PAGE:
The new head of Canada’s cybersecurity centre says his first months on the job have been a “dizzying” experience of responding to one major incident after another, including a cyberattack from a hostile state against a federal government department in recent months.
“The last eight months have been somewhat a dizzying experience of a number of cyber incidents and managing all these cyber incidents,” Sami Khoury, who was named head of the Communications Security Establishment’s (CSE) Canadian Centre for Cyber Security last August, told the audience at the Cyber UK conference Wednesday.
“Day one of the job, the federal election is called,” he began listing, noting that the government suddenly was responsible for defending the entire country at a time of particular interest for foreign states looking to interfere in Canada’s affairs.
Then, just as the election ended, Newfoundland suffered a major cyber attack that crippled the province’s health care system for weeks and led to 200,000 files being stolen. That required CSE to deploy a team to help the province essentially rebuilding its IT systems, Khoury told conference attendees.
Shortly after, CSE scrambled to help cyber defenders address a major vulnerability, known as Log4j, in a nearly ubiquitous software library that hackers quickly tried to abuse. At the time, it was qualified as of the single most critical vulnerabilities in the last decade.
At the same time, Khoury said CSE was trying to handle “a number” of ransomware incidents, which he has frequently qualified as one of the biggest cyber threats Canada faces right now.
In 2021, 304 ransomware attacks were reported to CSE, a 151 per cent increase on the previous year but still likely a drop in the bucket compared to the real number because the problem remains “way, way underreported,” he said.
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Khoury said that by the beginning of 2022, “we thought we would celebrate a quiet New Year,” he told conference attendees.
But that hope was dashed by a previously undisclosed “nation-state incident against one of our federal government departments.” He did not specify which hostile state was behind the attack, nor which department it targeted.
The only known incident around that time is a significant cyber attack against Global Affairs Canada (GAC) that was first detected on Jan. 19. The incident forced the department to shut down a host of internal programs for days and sometimes weeks to prevent further damage.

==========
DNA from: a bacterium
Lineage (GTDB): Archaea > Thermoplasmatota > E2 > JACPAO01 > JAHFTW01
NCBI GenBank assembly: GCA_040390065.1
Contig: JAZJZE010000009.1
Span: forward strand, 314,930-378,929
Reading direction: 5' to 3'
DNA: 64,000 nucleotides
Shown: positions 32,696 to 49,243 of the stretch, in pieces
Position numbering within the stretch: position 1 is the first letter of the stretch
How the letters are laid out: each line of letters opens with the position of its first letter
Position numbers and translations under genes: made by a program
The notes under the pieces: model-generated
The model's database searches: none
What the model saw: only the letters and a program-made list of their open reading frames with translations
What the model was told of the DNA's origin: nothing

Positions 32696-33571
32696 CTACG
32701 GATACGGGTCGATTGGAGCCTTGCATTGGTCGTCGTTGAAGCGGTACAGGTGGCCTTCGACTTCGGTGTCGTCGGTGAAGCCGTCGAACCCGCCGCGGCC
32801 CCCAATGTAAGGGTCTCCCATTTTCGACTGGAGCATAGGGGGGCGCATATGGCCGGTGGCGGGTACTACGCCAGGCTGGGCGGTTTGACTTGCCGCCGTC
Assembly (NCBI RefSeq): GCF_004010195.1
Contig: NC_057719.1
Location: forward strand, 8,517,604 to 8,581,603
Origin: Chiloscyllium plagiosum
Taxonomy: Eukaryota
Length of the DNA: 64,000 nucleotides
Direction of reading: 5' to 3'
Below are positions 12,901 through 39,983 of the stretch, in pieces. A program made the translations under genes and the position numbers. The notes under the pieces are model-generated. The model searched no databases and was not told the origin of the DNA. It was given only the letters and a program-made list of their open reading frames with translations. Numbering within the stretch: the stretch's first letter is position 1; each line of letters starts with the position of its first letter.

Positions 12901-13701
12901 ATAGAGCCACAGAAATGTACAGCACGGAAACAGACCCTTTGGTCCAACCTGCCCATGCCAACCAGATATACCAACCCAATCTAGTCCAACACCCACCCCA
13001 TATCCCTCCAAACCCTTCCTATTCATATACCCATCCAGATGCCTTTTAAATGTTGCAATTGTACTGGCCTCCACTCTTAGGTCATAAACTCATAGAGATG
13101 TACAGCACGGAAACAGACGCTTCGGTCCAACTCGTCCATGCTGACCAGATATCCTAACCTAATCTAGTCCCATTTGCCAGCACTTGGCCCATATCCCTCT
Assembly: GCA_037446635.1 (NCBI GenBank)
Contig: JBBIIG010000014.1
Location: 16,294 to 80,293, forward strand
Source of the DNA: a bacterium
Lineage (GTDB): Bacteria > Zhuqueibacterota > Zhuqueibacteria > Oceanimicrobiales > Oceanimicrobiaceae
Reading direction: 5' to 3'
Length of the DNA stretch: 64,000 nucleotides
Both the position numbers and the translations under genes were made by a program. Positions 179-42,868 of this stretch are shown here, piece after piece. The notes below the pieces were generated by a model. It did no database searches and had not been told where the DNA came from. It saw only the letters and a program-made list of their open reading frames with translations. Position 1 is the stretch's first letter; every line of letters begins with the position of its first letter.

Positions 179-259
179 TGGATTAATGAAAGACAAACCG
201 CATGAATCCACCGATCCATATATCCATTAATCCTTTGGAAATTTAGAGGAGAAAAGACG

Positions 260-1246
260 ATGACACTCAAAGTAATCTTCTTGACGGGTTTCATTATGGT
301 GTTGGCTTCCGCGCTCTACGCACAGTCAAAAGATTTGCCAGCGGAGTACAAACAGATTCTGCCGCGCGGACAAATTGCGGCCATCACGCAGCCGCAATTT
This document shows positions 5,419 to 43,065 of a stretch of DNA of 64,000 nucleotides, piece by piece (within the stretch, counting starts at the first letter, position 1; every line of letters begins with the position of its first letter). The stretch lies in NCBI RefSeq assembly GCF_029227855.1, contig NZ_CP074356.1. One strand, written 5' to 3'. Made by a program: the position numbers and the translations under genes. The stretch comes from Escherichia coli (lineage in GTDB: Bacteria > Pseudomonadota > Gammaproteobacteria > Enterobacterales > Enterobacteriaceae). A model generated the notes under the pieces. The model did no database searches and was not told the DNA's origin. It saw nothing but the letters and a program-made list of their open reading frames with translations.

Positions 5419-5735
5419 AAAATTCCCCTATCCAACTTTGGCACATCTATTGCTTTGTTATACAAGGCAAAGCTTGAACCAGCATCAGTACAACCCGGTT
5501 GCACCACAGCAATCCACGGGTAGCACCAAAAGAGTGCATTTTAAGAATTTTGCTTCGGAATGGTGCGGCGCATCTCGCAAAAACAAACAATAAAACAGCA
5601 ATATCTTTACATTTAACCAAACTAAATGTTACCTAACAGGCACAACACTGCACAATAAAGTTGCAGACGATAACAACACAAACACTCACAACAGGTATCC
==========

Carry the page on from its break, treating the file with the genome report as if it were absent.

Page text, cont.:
In an interview after his panel (but before it was made available publicly online), Khoury declined to say who was behind the GAC attack but noted that it was a “sophisticated incident.”
He also confirmed that there was no private or sensitive government information that was either compromised or stolen during the GAC incident.
“We have not come out publicly with anything that points fingers at who’s behind this,” he told National Post.
Then, Russia launched its invasion of Ukraine, creating significant concerns of increased attacks from the country that is repeatedly listed as a key hostile cyber threat to Canada. Khoury also spoke of “another incident we had to manage,” but did not provide any more detail.
The last eight months have taught me that it’s going to be a busy few years
But despite the fears of a looming cyber war with Russia since its invasion of Ukraine, the head of Canada’s Cyber Security Centre says that Canadian organizations have been targeted by Russian cyber criminals … yet, he specified in an interview.
“We haven’t seen anything in Canada that we can find a fingerprint that, ‘this is Russia turning its sights to Canada’ at this point,” he said, noting that most of the country’s cyber attacks have focused on Ukrainian targets.
But “we want Canadian businesses to be ready for when that happens,” he added, because the issue is serious and the threat is real. “Russia is throwing everything and the kitchen sink in the Ukraine conflict.”
But it’s not because Canada isn’t directly targeted by Russia yet that CSE isn’t watching what it’s doing to Ukraine and using that as a warning of what could be to come here.
“In the early days of the Russia campaign, we saw that we saw them go against Ukrainian banks. So then we issued an advisory about trying to protect your web-facing servers,” Khoury detailed.
“Then we saw them flood the airwaves with misinformation and disinformation. And we issued another bulletin with that information,” he continued.
“Then we saw them deploy very nasty, destructive malware in the Ukraine,” he said. “It’s a bit of a game of cat and mouse … Every time we observed something to Ukraine, we turned around and updated Canadian guidance or made it a little bit more customized.”
Khoury says the last months have been so intense for cyber defenders across the country that he’s now concerned they may be slowly getting burnt out.
“I am concerned about the energy level … and pacing ourselves. There are humans that manage these cyber incidents and it’s important to make sure that our teams have a bit of time to breathe, to catch their breath,” he said.
“The last eight months have taught me that it’s going to be a busy few years. We are not out of a job. It’s going to keep us busy,” he added.